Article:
Hair restoration

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Hair restoration
2014-05-30 11:15:32
Hair restoration

Hair restoration
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  1. Follicular unit grafting typically involves clusters of how many hair follicles?
    1-4 follicles
  2. Describe a trychophytic closure.
    Incision made with knife beveled perpendicular to hair follicle.  Wound closed such that the hair grows through the scar.
  3. What is follicular unit extraction or the follicular isolation technique?
    Hair is removed with <1mm punch and transplanted to sparse areas.  This is in contrast to the "strip technique" where a strip of skin is removed and follicles isolated from it under microscope for transplant.
  4. Pros and cons of follicular unit extraction/follicular isolation technique
    • Pros: no linear scar (can have close cropped hair), good for mild hair loss in young men
    • Cons: hyper/hypopigmented dots, moth eaten appearance of donor site, limited use in curly hair, higher number of transections/damaged follicles.
  5. Indications for follicular unit extraction other than hair loss
    • Scar camouflage (facelifts, browlifts)
    • reorient hair follicles from prior hair transplant
  6. Typically believed that __% of hair is lost when it becomes noticeable.
  7. Describe the growth cycle of a hair follicle.
    Growth Cycle: anagen is the growth phase; catagen is the involuting or regressing phase; and telogen, the resting or quiescent phase. Normally up to 90% of the hair follicles are in anagen phase while, 10–14% are in telogen and 1–2% in catagen. The cycle's length varies on different parts of the body. For eyebrows, the cycle is completed in around 4 months, while it takes the scalp 3–4 years to finish; this is the reason eyebrow hair have a much shorter length limit compared to hair on the head. Growth cycles are controlled by a chemical signal like EGF. DLX3 is a crucial regulator of hair follicle differentiation and cycling.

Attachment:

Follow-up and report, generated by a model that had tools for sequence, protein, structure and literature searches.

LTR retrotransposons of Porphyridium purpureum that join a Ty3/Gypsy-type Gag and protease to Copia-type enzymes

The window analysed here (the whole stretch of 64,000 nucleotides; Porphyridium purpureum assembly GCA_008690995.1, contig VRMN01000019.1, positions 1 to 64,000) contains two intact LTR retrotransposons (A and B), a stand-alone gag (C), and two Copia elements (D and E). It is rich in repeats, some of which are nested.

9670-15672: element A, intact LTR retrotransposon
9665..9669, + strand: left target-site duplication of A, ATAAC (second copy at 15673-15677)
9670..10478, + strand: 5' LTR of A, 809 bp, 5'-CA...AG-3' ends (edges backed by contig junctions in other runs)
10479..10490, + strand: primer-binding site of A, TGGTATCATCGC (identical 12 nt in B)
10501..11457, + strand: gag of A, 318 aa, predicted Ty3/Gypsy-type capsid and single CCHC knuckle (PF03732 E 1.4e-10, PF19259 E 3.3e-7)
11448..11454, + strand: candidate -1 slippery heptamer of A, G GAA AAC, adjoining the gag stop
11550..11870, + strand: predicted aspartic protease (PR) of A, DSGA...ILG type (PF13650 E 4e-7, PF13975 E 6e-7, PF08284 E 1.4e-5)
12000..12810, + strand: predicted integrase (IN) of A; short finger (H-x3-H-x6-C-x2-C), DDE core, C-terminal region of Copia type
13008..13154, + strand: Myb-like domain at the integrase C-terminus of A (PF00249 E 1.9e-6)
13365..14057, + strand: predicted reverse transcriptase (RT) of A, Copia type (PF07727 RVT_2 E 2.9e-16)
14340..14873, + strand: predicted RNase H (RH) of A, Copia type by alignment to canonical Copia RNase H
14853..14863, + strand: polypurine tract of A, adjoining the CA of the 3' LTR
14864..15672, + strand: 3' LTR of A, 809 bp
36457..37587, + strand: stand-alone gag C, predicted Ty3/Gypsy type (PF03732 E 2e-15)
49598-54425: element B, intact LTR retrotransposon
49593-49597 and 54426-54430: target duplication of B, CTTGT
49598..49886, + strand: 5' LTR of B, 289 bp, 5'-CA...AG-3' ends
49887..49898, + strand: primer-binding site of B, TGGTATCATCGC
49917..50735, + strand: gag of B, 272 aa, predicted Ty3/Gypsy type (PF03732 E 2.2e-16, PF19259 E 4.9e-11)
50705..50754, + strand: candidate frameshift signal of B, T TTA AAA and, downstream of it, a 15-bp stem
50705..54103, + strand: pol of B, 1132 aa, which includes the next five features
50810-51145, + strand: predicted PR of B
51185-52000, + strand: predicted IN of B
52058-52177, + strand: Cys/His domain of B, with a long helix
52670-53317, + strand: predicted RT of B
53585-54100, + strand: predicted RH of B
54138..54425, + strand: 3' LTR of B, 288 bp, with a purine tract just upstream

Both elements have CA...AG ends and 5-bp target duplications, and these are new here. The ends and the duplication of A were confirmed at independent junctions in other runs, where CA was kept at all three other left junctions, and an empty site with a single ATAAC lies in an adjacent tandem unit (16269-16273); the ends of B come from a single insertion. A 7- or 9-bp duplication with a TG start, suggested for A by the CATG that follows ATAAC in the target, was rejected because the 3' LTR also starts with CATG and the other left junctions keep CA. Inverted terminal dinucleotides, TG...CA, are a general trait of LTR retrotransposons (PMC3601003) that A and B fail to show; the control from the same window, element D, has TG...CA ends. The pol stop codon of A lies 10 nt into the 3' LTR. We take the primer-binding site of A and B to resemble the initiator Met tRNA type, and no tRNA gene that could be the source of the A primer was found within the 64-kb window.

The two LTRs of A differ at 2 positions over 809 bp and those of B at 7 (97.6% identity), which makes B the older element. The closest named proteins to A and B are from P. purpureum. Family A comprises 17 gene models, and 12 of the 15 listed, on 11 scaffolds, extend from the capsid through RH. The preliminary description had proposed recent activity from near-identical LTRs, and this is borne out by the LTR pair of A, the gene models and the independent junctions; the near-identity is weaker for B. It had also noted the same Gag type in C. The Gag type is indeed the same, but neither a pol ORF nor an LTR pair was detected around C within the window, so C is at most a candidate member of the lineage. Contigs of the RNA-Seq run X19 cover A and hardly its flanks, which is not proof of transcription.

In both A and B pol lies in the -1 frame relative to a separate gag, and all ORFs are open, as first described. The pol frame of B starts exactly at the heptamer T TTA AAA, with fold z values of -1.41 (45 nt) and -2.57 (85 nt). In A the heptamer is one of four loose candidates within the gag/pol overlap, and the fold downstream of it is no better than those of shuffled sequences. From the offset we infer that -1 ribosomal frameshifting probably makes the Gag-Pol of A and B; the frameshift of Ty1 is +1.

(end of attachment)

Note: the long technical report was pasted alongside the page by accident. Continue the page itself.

8. Describe a Norwood class III
    • Class I: not bald, generally rests on the upper brow crease.
    • Class II: hairline that sits a finger's breath (1.5cm) above the upper brow crease, with some temporal recession.
    • Class III: deepening temporal recession or early hair loss in the crown (vertex).
    • Class IV: further frontal hair loss and enlargement of vertex, still a solid band of hair separating front and vertex.
    • Class V: bridge of hair separating the two areas begins to break down.
    • Class VI: single large bald area on the front and top of the scalp.
    • Class VII: only a wreath of hair remaining in the back and sides.
  9. Describe a Norwood class A pattern.
    The Norwood Class A patterns are characterized by a front to back progression of hair loss. Less common than the regular pattern (<10%), but appear very bald even when the hair loss is minimal.
  10. Describe follicular unit transplantation (aka the “strip” procedure).
    Considered the gold standard and is the least expensive and has the highest success rate. Large numbers of hairs are harvested with the aid of a 10 power binocular microscopes, from a strip of excised full thickness scalp. These naturally occurring follicular clusters, each containing 1–4 hairs, are then planted into needle holes in the balding area. FUGH is indicated over mini/micrografting technique in 90% of cases except in pts with gray, white, blond, or salt and pepper hair, who would do better with larger minigrafts containing 25 hairs.
  11. Medical treatments for alopecia
    • corticosteroid: cream, PO, injection
    • minoxidil: topical vasodilator
    • finasteride: 5 alpha reductase  type 2 inhibitor.  Suppresses circulating DHT and affects vertex balding more than frontal hair loss.